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Lethbridge Herald Newspaper Archives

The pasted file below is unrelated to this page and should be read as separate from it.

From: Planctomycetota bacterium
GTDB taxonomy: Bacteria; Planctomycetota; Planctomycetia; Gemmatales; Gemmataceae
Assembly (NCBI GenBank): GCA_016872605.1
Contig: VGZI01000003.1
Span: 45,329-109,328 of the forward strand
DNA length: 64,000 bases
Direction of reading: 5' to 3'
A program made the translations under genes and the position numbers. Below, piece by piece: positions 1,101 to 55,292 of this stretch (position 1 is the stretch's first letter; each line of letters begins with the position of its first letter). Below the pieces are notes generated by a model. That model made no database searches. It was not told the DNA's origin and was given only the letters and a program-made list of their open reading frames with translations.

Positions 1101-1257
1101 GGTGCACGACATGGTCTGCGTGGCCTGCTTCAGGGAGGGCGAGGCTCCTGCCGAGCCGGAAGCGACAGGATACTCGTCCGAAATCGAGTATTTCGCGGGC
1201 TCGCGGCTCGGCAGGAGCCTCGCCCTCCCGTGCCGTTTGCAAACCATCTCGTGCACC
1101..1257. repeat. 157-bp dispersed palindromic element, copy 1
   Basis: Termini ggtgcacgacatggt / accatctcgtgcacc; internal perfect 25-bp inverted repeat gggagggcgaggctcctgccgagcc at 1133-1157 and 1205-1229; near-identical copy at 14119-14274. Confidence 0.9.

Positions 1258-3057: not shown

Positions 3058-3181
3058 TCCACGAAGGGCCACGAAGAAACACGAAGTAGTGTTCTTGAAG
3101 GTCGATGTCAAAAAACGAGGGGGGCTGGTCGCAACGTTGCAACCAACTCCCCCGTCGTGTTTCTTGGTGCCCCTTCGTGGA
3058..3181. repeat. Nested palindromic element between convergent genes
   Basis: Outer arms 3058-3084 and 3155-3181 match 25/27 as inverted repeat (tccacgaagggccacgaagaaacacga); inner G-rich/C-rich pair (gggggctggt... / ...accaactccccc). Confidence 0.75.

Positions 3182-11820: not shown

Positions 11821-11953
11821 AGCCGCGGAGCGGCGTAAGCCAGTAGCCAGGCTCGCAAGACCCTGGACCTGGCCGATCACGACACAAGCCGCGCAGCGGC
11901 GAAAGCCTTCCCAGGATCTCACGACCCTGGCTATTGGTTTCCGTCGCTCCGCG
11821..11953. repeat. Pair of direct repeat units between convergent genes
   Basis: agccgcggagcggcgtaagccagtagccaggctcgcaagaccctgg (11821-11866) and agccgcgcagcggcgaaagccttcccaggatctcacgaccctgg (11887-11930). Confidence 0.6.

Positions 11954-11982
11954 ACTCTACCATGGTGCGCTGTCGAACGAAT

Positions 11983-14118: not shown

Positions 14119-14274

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Lethbridge Herald, The (Newspaper) - November 19, 1971, Lethbridge, Alberta 16 THE IfTHBRIDGE HERAIP Fridny, November 19, 1971 taugi THE BETTER HALF By Bob Barnes bacTT! 1 :-'arf dinner, why don puf the test of f he car in the t you VALKHIK TAKKDA Km i1 Andrews School If a My attending hiph s'.'hnui have .some ath- letic izei involved in r.o hot- ter of iK-annina kn o w n Ihrouf-'hitu; tiv s c h o o than through jp'M'is. I! ;.'ou arc a' girl attendum high school and have sonic .'i'lhknic a'm'.uy. don't bo: her. You v.'il! prnbciliiy find it very disappoint inf: Most hiiih students pre- fer to support the male ath- letes. This tan be .soon by Ihc atten- dance at the boys' games. do jint pirK tcnd only the OPTICS? More boys in, school spur1-. For example, r.nmb'.T- tor try-outs are' more the Everyone1 at the try outs does not ally net on the Since they tin1 players to par- ticipate, are well-1 They play a good game and ns a result, they arc! more ir.lorr-'.ing ard entertain-' inn In watch. Have ym; so much less. adve-rtismg may ac- count for part of the difference between the aucndance of girls' and buys' games. Boys" games do receive better atlvertis i n g thr.n girls', Iwth within the school and through the mass media. If you are ,'r.varc that there is a game, you v. ill not go to it. The are se-tno of the possible reasons for the bot- tcr support given to the male athletes in the schoe.l.s. So. i; ve.ii are a YOU inav find high school somewhat If you are a hoy, it would be to your advantage to get involved in school sports. You Vi-ill tno support of the students iHiind >oti. (The views vi.lccil in HIP nhnve rnlimin do tint neces- sarily concur uith cither those of The Herald or l.ci- stpr's. hut are a reflection of the student's opinion.) lly ,11'DK Tl'ilU' Writer "Well, I started off in drama being a wolf." smiled Albert "n was in grade one and we both had gray panls. 1 won because I was bigger." The tun buys had been try- ing out lor the pail o fine vil- lain in Little Hid Hiding Hood. tirade one was a long time ago lur Albi'il, who is now a -cnuir ill V.'ip.stim Churchill High lie's also come a Ir.ng '.cay from just playing wolves. year. Albeit became the drama U-achcr for throe classes, and found hiiu.self in the mid- dle of producing, directing, act- ing. leaching and being a slu- "It's quite a load, and sonw things just don't get done. You my math teacher about he said At the present time, Albert said his main interest in dra- ma is trying lo put on an effec- tive and dramatic (serious) play that will be good. "I think serious plays an- mueh more cf a challenge. It takes more to seller people up than it does to m.-kc Ih-.'m laugh. I can make them laugh, now 1 want to see if I can bring them in to be .serieus." who says bis real in- terest in drama iwgan after v. .nnir.g a Shakespeare con- test in grade seven, has hopes of continuing drama studios year in the Banff School of Fine "ArtP. "I'd like to get professional drama training, and earn a de- gree. After that. 1 would like 10 into the law field." He said that law and drama student are quite similar m that the lawyer is essentially acting in behalf of the court. "You have (to learn to control your voice level, lo put yourself across lo the caurt. II would he. inter- esting." "Like my grandfather always said, 'you're a gocd liar, you'd be a good lawyer.' His fiilure well ahead of him, Albert began lo talk about v.'ha'.'s happening in his pres- cut. "The whole school is great. Everyone is willing to pull to- gelher to get things off rigid. When our teacher lefl, end I look over the classes, I found thai all the kids were really ready to co-operate. My tough- est c'ass was drama 10. The. girls were raring to go, but it took a liltle longer to get the boys down to business." Albert said that he usually 1 gave his classes the oho cj cf acting, iir he would assign pa- pers and minor research to done by the students. "The way lo get out of extra work, was to become involved in class and he said. His past drama experience includes several minor play pro- ductions, involvement with the I Lcthbririge Musical Theatre and Youth Theatre, and he is pres- ently in the cast of Fiddler, "f was really lucky to get a i minor speaking part that's great for your first year i he said. j Albert said his other involve- ments include a major produc- tion that the school is planning on. "It's a serious play, and I hope it turns out lo lie a good one. which il should. The whole school is out lo help and every- one is putting in a lot of extra hours." Among his stage heroes, Al- bert said he considered Paul Newman, Richard Burton and Danny Kaye to b? top of the i list. "Danny Kaye is especially good. He has the ability to bring an audience into the act. That's important in stsgc act- ing, to bring the people into it, not just act it out in front of he said. lie added that being totally comfortable and at ease on stage is the most important thing in drama to him. "if you aren't comfortable, you may ;.s well net be putting on the play." He summed up liis plans sim- ply, "Thing I'd really like to do. is improvisalions I've never tried being an umbrella." THE SECRETARY DID IT With a little bit of coaxing from feUow-student-cL'fn-drama-teacher Albert Azzara, centre, these three Winston Churchill High students staged an impromptu skit on the familiar theme of husband-likes Present school system 'outmoded' ths-other one better. The girls, left to right, Holly Tokarulc, Karhy Ponech and Linda Rosenfelf, are members of n drama class being taught by 17 year-old Azzara. Students claim Relevant is exciting VANCOUVER (CP) Superstar now superseded in rock religion revive, d Relevant High there are no grades, examinations or marks But there is enthusiasm about what one student de- scribes as "the exciting educa- tional experience" provided at the scliccl. Relevant High was founded I about a year ago by teacher i Robert Sarginson as an al- lema-iive to the present system of education, which Mr. Sargin- son says is outmoded. "There hasn't been a change in basic education in 100 i he said. "It hasn't kept pace will the rapid advances in tochnolcgy and frankly, I'm r.ot sure that school is even relevant." "Xot long ago ray daughter i who is in Grade 7 witnessed on I television a live execution jn Vietnam. With the realities of instant communication it is no longer terribly meaningful to sit around discussing the capi- tal of Peru." The 120 students at the school At Frequently students go out onto the screets on class assign- ments armed with tape record- ers and video equipment. A.nd as a result of one eld-age study, a number of the students have volunteered to do work with se- nior citizens Mr. Sarginson sr.d the school's underlying philosophy is that intelligence by iUelf is an ou tmcdcd, presumptuous concept. "The terms we use here are efficiency and co-operation. People are not unintelligent they are inefficient. So we use subject matter to help students acquire efficiency. We sol up hurdles, then try to give the students the knowledge and skills to equip them lo tackle problems.'1 Ah-. Sarginscn criticized (he traditional emphasis which ho feels schools place en competi- tion. "Kids corr.p, to school under tremendous pressure to excel. I But I just don't think Idas can By ERNESTINE GVGI.IKLMO Assn. KveryixHiy'.s doing it now. The success of Jesus Christ SupGrsi.-.r. both in record sales tind in i'.oxofiice sales, has con- siderably over.shadowed the for- mer hit Hair. But not to outdone in the rock religion rovivr.1. an album is coming out ivith Hair in church. A recording company is re- leasing a live recording of a special mass performed earlier this '.'ear in the Cathedral of St. John tiie Divine. Gall Mac- Derinot, composer for Hair, combined the rock music for i the Ma.ss in F. I As with Jesus Christ Snper- star, the mass was a new inter- pretation of established reli- gion, including songs from Hair plus a rock version of The t Lord's Prayer. Members of the play's cast participated in the ceremony, but remained dress- ed for this performance. range from Grade 7 to 12. They i attend classes in an old build- ing in Vancouver's west end i but the process of education extends far beyond its peri- meters to encompass the full free-flowing interchange I w e a 11 h of community re- ideas, sources. Students attend poetry work w-ell under fear.'1 At Relevant High students form into multi-age groups of eight per unit, a system, llrey say, that is conductive to the of he said. "We follow UK courses a? they would be prcviiicial curriculum at university. Lectures are lines, but shape and and the responsibility of Item out of the work is left to the "Wo reject free schools. are just as rigid in their feel this approach com- as traditional schools. They with the pressure of hav- simply promoting a philosophy of enlightened lo write exams at the end of th3 term will be gcod prep- Students, who pav S50 to for what awaits the slu- a month according' to their in- lle lo come, represent a wide range of ethnic and cultural Now going into second year of operation, Relevant "We have very rich and very poor Mr. Sarginson said, they range from appears to he achieving what it set out to accomplish. "I've never heard kids laughing in French class "I think the diversity one student. "But you can't help it when you're reading es the school." Relevant High is treated in French." "I like it because you don't same way as ether independent schools by the provincial department of education attending the school must write government exams at so many added 3 classmate. "It's up to the kids to use their beads. They're not doing things because they have to It's clher kids who are put- end cf G''sde 12 to receive a diploma of high school pressure on you, not the teachor or the principal." Mr. Sarginson said the s'.u-dcnls are encouraged to CARE thi'r their education and making preserves, the school prepares them lo do should be checked after 24 "We treat our Grade 12 i workshops at the attitude reasonable dance_ J'r-' Sarginson denied (hat ers' "topics j Relevant High is just another j such as labor disputes and wo- school. men's liberation. ls definitely not a free jArt Gallery, visit a Frer.ch- language radio station as part of French studies, invite speak- Credits are given for courses contingent upon the honoring of project commitments a gocd j LEISTER'S MAIt ORDERS! Tick off the selections you wont and send to us. You'll receive your records for only 51.00 ocicd. Please add 15c postage on orders S4.00 and under. I 1 1. DESIDERATA-les Crone I 1 2. GYPSIES, TRAMPS AND THIEVES-Cher i 1 3. IMAGINE-John tennon Plastic Ono Bond i 1 4. YO-YO-Osmonds f j 5. SUPERSTAR-Cprpenters I J 6. PEACE TRAIN-Cat Stevens I I 7. FREEDOM COME, FREEDOM GO-Forlunes I 1 8. MAGGIE MAY-Rod Stewart I 1 9. CREATORS OF RAIN-lan and Sylvia 1 10. VVHATCHA SEE, IS WHATCKA GET-The Dramatics [111. THEME FROM Hayes i 1 12. DO YOU KNOW I MEAN-tcc Michaels A FEW 8 TRACK TAPES TO CtEAR w if COMING EVENTS SYMPHONY SEASON'S TICKETS NOW ON SAtE REGISTERED MUSIC TEACHERS RECITAL and AWARDS PRESENTATION (Hold in conjunction with Canada Music Wprlt Nov. 21-28) Tuesday, Nov. 23rd, p.m. St. Augustine's Parish Hal! "THE SINGING TREE" by THE ANNE CAMPBELL SINGERS held at the YATES, Dec. 12 MESSIAH Guest Soloist and Choir Dec. 19 Southminslcr Church, p.m. in 1 reed individual tutoring within I the class to bring them up to j the class' regular level of and heeausc of increased cni-olm e n 1 recently, the V locking for volunteer tutors to U'c oil in either the Tuesday eve i ning or afternoon cl.iss. I Previous teaching experience- is nul nwss.'UT, but patience and an ability to communicate j i arf i Interested persons arc asked j I to phone Ruth Slobidir.n at. 327 GIVE RECORDS A PERFECT GIFT FOR CHRISTMAS LESSTER'S MUSIC LTD. PARAMOUNT THEATRE BtDG., IETHBRIDGE NAME ADDRESS 50 YEARS OF MARRIAGE Mr. and Mrs. Paul Rusz- nak of 1006 15 St. N. are celebrating iheir golden wed- ding anniversary. They were married in Hungary in 1921 and came to Leihbridge in 1928, and have two sons and one daughter. Friends and acquaintances are Invited 1o an open houso from 2-5 p.m. Sunday in the hall at St. Basil's Roman Catholic Church, 604 13 St. N. No gifts, by request. ome fn yon iniii't wm his c.ill. "GIRL AND HER CAR" COURSE IS OFFERED! ATTENTION LADIES! 1 Want lo know more about what makes your car tick? Been wondering how !o change a flat tire? VVhol about some winter driving lips? Leorn the answers to ihesc and many other questions about your cor at the Alberta Motor Association Girl and Her Car, "cor care for women" course. For reservations call the A.M.A. office at 328-1771. Regis- tration fee S3.50. ALBERTA LIKES IT ON THE LIGHT SIDE. RUNAWAY WIVES. A now social problem U ihowing up in Canada. Desrrtion by wives. The number of women who Icovn their families is increasing every year. What drivei tlinm nway? What to lliem later? And how do i heir fomilini cope? Carl Dow examines fhe problem of runaway wives IN YOUR LETHBRIDGE HERALD WEEKEND MAGAZINE Your assurance ol quality by TILFORD ;